Review of ‘Hercules’ – at Delacorte Theater, New York – ‘community musical staging of the Disney film’


    What makes a hero?” are the very first words in “Hercules,” the cheerful and sweet-spirited stage production based on the 1997 animated Disney film premiering in Central Park as part of the Pubic Theatre’s Public Works program.

    Now pinched for 2019 sensibilities, it’s an intelligent, funny and music to ears, to say the least, show that is also part pageant, detailed with a marching band, an epic kick line and a cityscape occupied with plenty of New Yorkers.

    The breadth and local involvement inherent in Public Works means this stage show’s destiny probably lies more in community-centric outputs rather than on Broadway.


    The emotional consequence of the show and its grading-on-a-curve compassion rests on this relation — not unlike the endeavor Cornerstone Theatre Company has done for decades. Minus that, though, it would still have many enjoyments, just not the same objective.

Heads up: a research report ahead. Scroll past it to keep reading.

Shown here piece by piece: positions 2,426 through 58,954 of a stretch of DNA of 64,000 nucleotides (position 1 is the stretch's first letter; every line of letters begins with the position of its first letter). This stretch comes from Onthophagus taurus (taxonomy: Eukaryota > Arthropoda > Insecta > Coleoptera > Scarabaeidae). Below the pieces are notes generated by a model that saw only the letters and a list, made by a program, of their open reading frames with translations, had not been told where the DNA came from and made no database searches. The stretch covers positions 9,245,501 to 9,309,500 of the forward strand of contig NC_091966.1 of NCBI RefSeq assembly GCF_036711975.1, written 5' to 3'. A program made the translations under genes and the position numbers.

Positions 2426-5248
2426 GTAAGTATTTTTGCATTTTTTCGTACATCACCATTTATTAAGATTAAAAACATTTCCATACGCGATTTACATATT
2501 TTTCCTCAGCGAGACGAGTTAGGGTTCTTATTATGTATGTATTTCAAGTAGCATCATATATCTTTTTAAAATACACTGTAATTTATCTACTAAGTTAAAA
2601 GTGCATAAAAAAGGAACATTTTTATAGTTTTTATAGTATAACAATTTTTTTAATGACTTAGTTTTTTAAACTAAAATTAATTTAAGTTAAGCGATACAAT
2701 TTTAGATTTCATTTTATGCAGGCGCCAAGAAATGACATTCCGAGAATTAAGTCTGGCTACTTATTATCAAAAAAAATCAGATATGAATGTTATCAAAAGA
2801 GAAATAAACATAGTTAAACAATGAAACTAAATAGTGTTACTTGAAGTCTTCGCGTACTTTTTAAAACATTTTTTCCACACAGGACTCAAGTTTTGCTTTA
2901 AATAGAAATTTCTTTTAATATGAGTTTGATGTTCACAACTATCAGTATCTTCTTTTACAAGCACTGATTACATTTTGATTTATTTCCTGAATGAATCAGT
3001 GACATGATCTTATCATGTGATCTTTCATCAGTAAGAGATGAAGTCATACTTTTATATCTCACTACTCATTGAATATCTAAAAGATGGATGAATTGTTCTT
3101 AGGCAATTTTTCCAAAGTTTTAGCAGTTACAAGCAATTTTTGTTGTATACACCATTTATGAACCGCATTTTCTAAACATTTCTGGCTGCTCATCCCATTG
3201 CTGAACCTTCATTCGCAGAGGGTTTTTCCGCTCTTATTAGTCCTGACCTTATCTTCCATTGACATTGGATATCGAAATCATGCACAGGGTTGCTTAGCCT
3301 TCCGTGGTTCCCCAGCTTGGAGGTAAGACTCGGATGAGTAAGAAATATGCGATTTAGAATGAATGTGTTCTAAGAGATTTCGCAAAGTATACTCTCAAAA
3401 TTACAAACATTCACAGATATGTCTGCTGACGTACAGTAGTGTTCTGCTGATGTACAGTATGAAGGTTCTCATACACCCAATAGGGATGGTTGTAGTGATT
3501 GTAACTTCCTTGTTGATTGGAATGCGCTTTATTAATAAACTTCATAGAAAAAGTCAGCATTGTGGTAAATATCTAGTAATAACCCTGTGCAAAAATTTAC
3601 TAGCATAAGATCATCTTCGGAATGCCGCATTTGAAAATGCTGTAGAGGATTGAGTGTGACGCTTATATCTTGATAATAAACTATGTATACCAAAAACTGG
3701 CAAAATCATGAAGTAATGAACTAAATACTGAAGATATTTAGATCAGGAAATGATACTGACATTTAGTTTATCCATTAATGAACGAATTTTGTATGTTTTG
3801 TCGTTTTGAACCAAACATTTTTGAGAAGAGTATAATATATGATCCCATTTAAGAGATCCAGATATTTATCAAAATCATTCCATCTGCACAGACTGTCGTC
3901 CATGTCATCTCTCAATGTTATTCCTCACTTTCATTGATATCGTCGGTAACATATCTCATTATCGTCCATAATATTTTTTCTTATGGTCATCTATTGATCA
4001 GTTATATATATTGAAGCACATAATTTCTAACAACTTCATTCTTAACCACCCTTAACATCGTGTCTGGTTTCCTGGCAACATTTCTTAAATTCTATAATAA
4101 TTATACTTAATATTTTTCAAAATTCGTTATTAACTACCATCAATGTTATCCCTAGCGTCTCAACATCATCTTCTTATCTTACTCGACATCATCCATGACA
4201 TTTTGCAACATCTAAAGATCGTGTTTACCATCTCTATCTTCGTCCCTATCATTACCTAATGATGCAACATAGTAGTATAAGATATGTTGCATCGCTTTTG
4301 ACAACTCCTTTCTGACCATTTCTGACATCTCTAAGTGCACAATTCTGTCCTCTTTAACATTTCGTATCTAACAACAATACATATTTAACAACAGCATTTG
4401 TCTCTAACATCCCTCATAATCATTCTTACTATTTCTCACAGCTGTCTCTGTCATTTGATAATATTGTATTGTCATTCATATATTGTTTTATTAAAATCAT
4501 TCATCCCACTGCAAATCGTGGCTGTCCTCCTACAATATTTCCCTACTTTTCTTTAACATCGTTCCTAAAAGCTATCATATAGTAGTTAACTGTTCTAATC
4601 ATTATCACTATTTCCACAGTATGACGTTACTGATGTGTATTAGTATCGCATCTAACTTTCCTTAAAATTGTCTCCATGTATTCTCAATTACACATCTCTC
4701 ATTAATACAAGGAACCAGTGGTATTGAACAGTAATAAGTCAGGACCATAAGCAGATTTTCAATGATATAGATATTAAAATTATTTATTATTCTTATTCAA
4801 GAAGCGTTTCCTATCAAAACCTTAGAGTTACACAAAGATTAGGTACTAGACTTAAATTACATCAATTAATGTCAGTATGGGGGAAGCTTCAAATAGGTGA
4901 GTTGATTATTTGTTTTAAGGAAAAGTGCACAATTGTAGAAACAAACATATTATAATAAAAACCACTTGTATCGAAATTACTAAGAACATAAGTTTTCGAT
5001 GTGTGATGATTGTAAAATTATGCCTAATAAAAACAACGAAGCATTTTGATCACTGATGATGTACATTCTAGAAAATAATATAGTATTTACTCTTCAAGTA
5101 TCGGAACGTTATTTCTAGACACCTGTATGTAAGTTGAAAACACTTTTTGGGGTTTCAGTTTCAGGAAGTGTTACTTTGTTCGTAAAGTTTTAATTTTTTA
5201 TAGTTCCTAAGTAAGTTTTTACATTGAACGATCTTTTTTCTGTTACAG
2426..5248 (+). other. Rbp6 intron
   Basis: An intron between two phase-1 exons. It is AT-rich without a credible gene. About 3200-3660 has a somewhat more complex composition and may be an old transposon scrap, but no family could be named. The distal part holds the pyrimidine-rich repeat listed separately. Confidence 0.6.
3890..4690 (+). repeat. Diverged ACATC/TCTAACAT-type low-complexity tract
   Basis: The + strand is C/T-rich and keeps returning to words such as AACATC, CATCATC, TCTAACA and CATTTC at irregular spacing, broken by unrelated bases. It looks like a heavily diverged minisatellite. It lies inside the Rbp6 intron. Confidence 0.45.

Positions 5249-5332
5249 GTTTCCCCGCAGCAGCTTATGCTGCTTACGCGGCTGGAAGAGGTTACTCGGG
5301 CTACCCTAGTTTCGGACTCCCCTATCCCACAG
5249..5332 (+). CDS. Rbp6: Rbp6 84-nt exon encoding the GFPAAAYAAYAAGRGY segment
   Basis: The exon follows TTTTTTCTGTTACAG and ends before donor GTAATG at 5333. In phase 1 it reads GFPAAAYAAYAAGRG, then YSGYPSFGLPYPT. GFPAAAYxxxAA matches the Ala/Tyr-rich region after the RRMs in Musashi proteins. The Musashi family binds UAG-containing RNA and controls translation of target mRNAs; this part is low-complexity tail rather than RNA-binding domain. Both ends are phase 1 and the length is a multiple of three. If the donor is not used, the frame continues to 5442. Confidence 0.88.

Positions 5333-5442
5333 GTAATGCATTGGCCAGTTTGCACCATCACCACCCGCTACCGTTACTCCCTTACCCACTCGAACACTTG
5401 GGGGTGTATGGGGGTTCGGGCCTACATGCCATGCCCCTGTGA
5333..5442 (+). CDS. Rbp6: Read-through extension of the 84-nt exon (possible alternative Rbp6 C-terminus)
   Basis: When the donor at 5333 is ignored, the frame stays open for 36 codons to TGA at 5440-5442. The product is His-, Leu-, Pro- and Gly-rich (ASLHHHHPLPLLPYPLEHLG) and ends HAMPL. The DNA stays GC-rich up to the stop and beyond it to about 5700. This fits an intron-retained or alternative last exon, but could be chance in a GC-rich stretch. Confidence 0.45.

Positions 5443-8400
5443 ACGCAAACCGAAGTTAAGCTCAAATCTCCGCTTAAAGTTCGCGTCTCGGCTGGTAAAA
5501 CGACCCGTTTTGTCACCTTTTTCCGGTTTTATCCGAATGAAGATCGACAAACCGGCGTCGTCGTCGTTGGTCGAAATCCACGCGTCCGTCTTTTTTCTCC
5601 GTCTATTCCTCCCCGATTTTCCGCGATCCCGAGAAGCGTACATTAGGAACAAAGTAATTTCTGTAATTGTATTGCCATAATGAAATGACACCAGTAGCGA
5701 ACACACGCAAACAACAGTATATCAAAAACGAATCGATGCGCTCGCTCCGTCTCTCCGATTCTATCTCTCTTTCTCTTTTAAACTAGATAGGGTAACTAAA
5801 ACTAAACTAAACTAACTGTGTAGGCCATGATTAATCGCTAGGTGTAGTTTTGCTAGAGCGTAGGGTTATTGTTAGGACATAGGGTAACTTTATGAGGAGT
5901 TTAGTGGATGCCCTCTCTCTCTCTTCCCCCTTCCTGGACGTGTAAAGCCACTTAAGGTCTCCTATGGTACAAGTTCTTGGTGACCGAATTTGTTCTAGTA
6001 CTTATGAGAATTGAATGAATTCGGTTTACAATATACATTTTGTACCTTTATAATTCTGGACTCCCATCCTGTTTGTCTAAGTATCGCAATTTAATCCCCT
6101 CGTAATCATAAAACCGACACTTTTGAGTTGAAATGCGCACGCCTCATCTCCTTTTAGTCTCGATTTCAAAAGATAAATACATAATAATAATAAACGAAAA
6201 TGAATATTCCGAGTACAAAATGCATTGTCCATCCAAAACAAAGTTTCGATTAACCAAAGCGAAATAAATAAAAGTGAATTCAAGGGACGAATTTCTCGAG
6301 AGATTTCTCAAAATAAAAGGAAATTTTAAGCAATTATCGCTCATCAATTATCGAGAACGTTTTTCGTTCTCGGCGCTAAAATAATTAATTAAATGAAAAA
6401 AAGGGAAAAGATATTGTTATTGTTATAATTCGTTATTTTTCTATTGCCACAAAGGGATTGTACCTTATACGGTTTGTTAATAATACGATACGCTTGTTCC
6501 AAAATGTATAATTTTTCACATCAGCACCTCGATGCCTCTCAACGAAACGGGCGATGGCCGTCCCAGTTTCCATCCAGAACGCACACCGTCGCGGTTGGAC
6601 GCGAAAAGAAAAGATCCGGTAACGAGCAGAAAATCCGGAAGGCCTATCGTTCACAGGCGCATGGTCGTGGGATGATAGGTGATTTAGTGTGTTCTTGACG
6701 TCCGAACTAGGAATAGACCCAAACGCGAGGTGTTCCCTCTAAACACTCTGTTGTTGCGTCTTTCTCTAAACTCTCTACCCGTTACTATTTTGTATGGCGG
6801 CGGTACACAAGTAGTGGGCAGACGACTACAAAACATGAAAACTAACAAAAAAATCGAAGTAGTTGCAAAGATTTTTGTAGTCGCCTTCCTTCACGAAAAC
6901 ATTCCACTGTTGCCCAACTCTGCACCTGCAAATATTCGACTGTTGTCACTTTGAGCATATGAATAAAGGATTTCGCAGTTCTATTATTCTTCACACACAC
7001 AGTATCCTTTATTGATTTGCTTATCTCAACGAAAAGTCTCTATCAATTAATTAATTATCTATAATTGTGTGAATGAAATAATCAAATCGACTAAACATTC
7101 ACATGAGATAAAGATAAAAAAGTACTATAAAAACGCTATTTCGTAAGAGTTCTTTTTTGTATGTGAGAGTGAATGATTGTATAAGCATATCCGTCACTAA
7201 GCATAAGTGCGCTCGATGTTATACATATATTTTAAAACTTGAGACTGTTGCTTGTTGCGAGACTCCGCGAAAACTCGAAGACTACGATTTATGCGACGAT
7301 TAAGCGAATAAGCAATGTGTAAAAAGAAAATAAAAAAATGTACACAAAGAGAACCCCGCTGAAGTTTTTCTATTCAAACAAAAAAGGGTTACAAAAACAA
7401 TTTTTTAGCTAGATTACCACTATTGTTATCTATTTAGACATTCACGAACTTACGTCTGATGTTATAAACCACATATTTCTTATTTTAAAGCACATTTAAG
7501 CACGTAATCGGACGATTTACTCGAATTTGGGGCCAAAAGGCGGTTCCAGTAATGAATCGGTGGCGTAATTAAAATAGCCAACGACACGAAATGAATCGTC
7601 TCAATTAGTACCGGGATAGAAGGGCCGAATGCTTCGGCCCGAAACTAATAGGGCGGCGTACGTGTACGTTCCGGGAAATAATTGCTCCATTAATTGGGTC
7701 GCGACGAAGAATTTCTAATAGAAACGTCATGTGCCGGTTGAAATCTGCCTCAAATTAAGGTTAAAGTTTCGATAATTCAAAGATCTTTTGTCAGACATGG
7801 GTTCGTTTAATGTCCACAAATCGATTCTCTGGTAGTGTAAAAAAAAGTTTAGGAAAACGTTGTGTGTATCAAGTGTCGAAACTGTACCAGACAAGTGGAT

Lear Debessonet directs an all-ages cast of some 200 — mostly selected from community institutions from the five towns — with efficiency, stability and a keen understanding of traffic control, enabling many to have their minutes of the spotlight

    For many millennials its a trip down the who grew up with the film its a trip down the nostalgia lane, and they are likely to applaud, as the opening night crowd did, the first few notes from movie tunes such as “Zero to Hero,” “I Won’t Say (I’m in Love)” and the Oscar-nominated “Go the Distance.”

    But new songs by composer Alan Menken and lyricist David Zippel also charm, especially the jazzy “A Cool Day in Hell,” the anti-date-night number “Forget About It” and the ever-sung“To Be a Human.” As even a vi fall admitting after one song, “It’s an objectively catchy tune.”

    In the end, the show rises or falls on the charisma itsit’ sad, and in Jelani Aladdin (who originated the role of Kristoff in Broadway’s “Frozen”) the show has managed to.

    Discover a hero that’s also huggable. With a million-watt smile, Aladdin’s Herc is charming, funny and emotionally vulnerable. This Herc is human to the core and we’ll still manage to have the good like resemblance that the animated one had.


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